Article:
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Byron Shire
May 7, 2021

Hastings Pt project a ‘risk to life’

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A two-decade and often bitter campaign by Hastings Point residents against a controversial 45-lot housing development has paid off with the planning department recommending refusal this week.

The department said the development, known as Lot 156 Creek Street, would result in an ‘unacceptable risk to life, health and property’ within the flood-prone coastal village and was incompatible with the adjoining natural and built environment.

For years the Hastings Point Progress Association had fought the development, warning if it went ahead, four metres of fill would be dumped on the site, creating a dam and flooding homes along Creek Street by stopping water from escaping directly into Christies Creek.

Residents had said some of those most at risk where elderly residents living in the retirement section of the North Star Holiday Village.

Past and present owners of the prime creekside location have been involved in the long-running war with residents who had complained about unauthorised works and vegetation removal during the past 20 years.? The most recent owner of the property, Brisbane developer Walter Elliott, kept animosities simmering after he strung up a barbed-wire fence around the property shortly after acquiring it in 2000.? Mr Elliott claimed it was to confine dogs belonging to the live-in caretaker, Athol Youngblutt, brother of Tweed councillor Phil Youngblutt, but residents said it cut off their access to the creek and posed an injury threat to wildlife.? However, Tweed Shire Council, which had opposed the development, had ordered staff to issue a $3,000 fine for the unauthorised fence, adding to another $3,000 penalty the council also issued after a small army of workers began slashing and spraying vegetation in an environmental zone adjoining a local creek.

Solicitor and progress association spokesman John O’Reilly said he received the news while sitting at an internet cafe in Moshi, Africa, where the charity support group he founded, Committee Assist, works with local communities to care for orphaned and abandoned children.

‘I was nearly in tears after all this work, and unfortunately had no-one to share it with. Very relieving I must say. It has been a struggle and a huge amount of work to fight this one and I just want to thank you for supporting me and taking the time out from your busy schedules to take the interest in our battle here and lend your assistance. I will contact you all on my return and I am sure we will have a big shindig when this is all over.

‘Now it is just a matter of keeping pressure on PAC (Planning Assessment Commission) to do the right thing.’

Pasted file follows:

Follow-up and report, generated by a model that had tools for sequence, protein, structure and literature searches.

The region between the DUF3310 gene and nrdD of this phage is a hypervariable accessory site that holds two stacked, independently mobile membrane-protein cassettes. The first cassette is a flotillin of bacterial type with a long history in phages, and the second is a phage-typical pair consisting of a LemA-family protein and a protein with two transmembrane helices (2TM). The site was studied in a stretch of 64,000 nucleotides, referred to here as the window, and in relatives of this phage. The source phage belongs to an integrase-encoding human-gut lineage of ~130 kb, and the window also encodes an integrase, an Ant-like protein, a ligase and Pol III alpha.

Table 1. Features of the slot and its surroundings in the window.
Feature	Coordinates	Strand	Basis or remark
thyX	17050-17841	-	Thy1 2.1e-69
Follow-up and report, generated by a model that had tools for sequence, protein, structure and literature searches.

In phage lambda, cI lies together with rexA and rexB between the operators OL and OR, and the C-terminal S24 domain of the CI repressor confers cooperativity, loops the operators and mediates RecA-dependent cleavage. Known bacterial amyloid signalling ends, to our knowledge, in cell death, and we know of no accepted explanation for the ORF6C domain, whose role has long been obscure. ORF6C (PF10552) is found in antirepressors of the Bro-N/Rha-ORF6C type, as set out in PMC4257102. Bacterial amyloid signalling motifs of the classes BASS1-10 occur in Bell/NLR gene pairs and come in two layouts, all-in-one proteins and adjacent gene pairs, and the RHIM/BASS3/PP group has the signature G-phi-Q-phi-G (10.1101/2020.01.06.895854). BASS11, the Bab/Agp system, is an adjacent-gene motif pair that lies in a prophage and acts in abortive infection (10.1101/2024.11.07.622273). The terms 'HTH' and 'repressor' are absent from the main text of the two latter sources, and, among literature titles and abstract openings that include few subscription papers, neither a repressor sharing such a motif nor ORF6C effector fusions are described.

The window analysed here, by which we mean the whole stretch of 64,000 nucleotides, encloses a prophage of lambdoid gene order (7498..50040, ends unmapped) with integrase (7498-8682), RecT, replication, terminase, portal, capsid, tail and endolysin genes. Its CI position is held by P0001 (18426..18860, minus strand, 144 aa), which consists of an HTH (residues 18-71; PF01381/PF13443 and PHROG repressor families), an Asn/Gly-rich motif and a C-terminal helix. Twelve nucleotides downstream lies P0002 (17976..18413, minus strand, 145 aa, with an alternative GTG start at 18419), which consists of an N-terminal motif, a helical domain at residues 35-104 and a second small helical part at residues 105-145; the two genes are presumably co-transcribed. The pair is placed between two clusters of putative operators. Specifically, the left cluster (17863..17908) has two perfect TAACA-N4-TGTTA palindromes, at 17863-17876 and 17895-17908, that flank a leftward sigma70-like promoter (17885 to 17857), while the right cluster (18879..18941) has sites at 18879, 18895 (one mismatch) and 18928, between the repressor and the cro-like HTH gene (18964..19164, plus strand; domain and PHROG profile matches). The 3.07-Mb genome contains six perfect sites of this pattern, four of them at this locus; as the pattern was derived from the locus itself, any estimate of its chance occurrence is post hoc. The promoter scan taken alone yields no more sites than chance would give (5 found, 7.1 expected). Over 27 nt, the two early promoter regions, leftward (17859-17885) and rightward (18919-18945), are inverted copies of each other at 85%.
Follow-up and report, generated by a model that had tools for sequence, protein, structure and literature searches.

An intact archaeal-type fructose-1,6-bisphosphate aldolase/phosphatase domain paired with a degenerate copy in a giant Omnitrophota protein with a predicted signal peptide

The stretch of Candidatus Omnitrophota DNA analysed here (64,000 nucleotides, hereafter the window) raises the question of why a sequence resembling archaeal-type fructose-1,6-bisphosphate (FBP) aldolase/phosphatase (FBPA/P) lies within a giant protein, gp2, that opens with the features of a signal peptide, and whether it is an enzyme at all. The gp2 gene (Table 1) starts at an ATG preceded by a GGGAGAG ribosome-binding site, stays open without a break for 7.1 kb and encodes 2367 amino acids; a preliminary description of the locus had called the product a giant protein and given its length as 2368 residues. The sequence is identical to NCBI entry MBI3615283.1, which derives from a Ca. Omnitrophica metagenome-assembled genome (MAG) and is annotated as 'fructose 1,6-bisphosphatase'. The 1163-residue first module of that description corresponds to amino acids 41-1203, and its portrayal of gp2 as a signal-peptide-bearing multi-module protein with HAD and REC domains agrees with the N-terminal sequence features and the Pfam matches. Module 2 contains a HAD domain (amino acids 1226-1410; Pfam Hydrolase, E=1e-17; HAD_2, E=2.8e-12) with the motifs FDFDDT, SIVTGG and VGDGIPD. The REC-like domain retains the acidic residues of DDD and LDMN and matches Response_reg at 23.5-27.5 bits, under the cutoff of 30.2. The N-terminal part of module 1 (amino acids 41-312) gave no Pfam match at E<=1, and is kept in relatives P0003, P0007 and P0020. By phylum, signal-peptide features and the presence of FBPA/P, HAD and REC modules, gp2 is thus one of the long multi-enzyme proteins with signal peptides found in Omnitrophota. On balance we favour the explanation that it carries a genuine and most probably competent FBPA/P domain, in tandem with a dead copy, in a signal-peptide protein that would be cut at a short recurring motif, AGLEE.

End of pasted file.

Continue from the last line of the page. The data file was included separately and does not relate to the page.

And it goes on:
Mr O’Reilly previously told The Echo the long-running saga began with previous owner Nev Wintour more than 20 years ago. Mr Wintour used bulldozers and a dredge to expand the site to its present size by altering the course of Christies Creek before police were forced to physically remove him from a dredge after he ignored orders to desist.? He said alterations to the natural landscape in the 80s and 90s had been horrific and involved in-filling a section of creek as part of a huge land theft which had aggravated flooding in that part of the estuary, nearby homes and the holiday village.? Longtime resident Julie Boyd, who had said ‘it’s called Creek Street because when it rains it become like a creek’, told The Echo yesterday that she was elated and that many residents would soon celebrate the victory after returning from holidays this month.

Ms Boyd said it was also a coincidence that the day residents were told that ‘Lot 156 had been comprehensively knocked on the head’ it ‘just happened to also be the 66th wedding anniversary for Tess and Vic Brill, an ‘incredibly feisty couple who have been the absolute backbone of the Hastings Point Progress Association for many years, with ‘Vic prone to jumping in front of trucks on occasion at protests. He had his 90th last year.’

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  1. Its called community power. We dont always get governments that represent their grass roots constituency. Politics, poor administrative decisions and the inevitable pressure put on individual and collective members of bureaucracy frequently result in other outcomes. Having to wade through these diverse pressures too often ends in development mayhem. By focusing on ethics ahead of expediency the people of Hastings Point have established a locality worthy of its natural setting. So many others need to take a leaf out of their book. Where you live, what you envision for its development and how it progresses is surely worth fighting for. The people of HP need to take a bow.


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